From the preceding analysis, it appears changes are necessary in the systems of farming to stem degradation of the environment and to secure food production; sustainable food production systems need to be encouraged.

Strategies for sustaining farming

Farming may be sustained by population control measures, so that more land becomes available for the kind of environmentally sound indigenous cultivation system based on agroforestry principles that predominated in the past, and which is still practiced, but on a considerably reduced scale. An excellent example of this indigenous system, which involves periodic fallowing of the land and in which the crops grow alongside native trees and shrubs, is found at Gyamfiase in the Yensiso area (see fig. 6.1 on p. 44).

There are other possibilities, including modern agroforestry, which is being promoted by the Ghana Rural Reconstruction Movement. Others include farming systems based upon big-intensive organic principles, which depend upon organic matter to maintain soil fertility, biological methods to control pests, and crop rotations and intermixture of species adapted to local conditions to sustain agroecological stability, food security and balanced utilization of soil nutrients. Approximate examples in Ghana include the following:

The indigenous systems could serve as prototypes for more sustainable systems of food production.

The success of these recommended agronomic measures would be enhanced by a more efficient administration of Ghana's Land Title Registration Law (PNDC 1986), to secure the tenurial interests of the tenant farmers so as to discourage their exploitative transient farming, in favour of a more settled sustainable farming.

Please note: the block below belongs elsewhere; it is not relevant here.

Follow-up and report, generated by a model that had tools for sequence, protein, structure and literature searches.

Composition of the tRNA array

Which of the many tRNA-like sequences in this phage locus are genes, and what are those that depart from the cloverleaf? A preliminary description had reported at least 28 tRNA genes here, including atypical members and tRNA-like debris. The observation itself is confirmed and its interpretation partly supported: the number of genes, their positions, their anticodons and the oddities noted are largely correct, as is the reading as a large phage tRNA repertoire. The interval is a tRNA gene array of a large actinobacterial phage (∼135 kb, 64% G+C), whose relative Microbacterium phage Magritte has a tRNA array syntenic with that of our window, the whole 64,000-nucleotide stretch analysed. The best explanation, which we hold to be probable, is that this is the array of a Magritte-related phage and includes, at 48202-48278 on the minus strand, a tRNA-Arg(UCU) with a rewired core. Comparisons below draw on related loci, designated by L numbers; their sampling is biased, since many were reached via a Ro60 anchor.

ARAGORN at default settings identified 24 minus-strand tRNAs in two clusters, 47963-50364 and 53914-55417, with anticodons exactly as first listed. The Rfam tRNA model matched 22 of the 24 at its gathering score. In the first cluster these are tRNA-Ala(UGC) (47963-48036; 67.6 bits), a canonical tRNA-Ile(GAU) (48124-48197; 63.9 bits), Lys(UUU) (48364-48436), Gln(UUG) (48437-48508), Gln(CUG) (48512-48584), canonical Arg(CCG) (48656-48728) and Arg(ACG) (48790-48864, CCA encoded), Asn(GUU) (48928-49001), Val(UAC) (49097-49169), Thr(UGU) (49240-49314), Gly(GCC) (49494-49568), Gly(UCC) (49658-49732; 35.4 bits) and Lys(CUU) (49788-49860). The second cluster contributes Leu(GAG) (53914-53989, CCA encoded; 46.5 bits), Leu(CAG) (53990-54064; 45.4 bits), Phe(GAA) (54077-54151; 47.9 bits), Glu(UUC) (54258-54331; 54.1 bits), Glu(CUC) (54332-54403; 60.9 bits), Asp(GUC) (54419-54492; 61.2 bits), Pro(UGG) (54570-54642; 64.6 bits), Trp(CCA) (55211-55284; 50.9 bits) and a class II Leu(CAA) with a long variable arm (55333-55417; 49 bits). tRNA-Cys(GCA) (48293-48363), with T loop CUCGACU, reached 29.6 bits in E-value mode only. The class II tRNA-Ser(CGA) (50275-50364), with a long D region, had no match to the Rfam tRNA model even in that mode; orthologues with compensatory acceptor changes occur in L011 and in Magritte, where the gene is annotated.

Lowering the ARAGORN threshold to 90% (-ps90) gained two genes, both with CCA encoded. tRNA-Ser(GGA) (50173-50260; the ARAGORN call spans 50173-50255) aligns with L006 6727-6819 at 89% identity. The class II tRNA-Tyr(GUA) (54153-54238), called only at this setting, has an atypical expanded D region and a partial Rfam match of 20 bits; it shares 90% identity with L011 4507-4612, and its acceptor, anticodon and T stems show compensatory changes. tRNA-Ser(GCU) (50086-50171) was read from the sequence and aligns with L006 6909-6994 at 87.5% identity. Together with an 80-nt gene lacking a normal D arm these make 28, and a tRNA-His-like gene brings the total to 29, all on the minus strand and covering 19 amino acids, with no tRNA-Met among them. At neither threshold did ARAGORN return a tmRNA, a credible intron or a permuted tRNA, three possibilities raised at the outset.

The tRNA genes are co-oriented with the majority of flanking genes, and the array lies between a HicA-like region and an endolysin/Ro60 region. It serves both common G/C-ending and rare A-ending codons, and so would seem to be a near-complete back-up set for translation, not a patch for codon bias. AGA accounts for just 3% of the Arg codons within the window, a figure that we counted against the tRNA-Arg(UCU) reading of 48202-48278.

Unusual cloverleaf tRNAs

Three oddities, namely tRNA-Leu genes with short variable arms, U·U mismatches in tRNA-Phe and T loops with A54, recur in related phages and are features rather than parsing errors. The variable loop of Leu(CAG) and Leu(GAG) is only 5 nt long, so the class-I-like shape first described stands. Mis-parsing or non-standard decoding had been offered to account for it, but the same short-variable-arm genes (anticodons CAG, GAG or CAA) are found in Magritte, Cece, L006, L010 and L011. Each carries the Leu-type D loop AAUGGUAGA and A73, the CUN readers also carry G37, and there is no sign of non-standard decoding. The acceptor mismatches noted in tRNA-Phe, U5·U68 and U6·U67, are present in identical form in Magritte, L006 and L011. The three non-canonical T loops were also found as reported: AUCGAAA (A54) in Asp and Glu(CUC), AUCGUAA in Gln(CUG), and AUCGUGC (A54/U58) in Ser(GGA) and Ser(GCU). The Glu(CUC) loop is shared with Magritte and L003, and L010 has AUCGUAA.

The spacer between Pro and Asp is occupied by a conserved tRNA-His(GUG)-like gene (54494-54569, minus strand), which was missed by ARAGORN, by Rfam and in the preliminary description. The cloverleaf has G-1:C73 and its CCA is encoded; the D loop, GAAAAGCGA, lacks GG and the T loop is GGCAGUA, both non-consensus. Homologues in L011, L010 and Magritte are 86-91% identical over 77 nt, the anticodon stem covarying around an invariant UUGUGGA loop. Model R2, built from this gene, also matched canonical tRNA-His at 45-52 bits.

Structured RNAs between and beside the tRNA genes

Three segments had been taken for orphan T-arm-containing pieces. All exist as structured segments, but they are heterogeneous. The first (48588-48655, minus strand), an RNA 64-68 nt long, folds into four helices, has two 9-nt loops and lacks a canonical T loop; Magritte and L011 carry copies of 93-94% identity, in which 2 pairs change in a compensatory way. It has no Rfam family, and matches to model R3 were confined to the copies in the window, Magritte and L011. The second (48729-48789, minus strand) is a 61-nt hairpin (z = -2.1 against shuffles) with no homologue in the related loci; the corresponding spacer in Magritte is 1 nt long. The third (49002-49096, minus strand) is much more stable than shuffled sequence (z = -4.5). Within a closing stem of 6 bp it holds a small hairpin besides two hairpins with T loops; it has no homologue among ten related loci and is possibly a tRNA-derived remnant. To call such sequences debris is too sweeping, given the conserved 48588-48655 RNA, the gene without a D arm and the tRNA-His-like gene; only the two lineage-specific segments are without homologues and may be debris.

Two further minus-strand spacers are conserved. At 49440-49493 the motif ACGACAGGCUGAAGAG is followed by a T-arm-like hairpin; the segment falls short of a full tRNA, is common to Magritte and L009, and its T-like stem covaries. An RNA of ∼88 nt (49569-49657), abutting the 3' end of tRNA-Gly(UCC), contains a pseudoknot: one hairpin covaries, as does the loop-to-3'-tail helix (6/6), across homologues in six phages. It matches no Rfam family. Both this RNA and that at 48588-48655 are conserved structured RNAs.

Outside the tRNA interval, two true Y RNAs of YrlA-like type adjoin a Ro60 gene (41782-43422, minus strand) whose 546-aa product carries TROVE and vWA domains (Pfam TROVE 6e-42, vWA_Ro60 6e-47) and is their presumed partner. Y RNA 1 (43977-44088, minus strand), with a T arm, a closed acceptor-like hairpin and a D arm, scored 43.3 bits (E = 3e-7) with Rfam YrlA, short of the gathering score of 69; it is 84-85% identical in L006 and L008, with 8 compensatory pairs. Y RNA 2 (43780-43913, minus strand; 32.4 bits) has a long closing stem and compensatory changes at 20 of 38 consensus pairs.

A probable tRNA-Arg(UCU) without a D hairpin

Farming has brought about major changes in the biophysical environment of the forest-savanna zone. These environmental changes, in turn, have triggered changes in the systems of farming. Generally, the changes appear to have been negative in terms of environmental quality and farm yields. A solution to this problem would seem to lie in building upon the indigenous agroforestry and big-intensive principles.


Benneh G. 1970. The huza strip farming system of the Krobo of Ghana. Geographia Polonica 19: 185-206.

Dickson, K.B. 1969. A Historical Geography of Ghana. London: Cambridge University Press.

Dickson, K.B. and Benneh, G. 1988. A New Geography of Ghana. London: Longman.

Field, M.J. 1943. The agricultural system of the Manya-Krobo of the Gold Coast. Africa 14(2): 54-65.

Foggie, A. 1962. The role of forestry in the agricultural economy. In: Wills (1962), pp. 229-35.

Gyasi, E.A. 1976. Population pressure and changes in traditional agriculture: case study of farming in Sekesua-Agbelitsom, Ghana. Bulletin of the Ghana Geographical Association 18: 68-87.

Gyasi, E.A. 1991. Communal land tenure and the spread of agroforestry in Ghana's Mampong valley. Ecology and Farming 2: 16 17.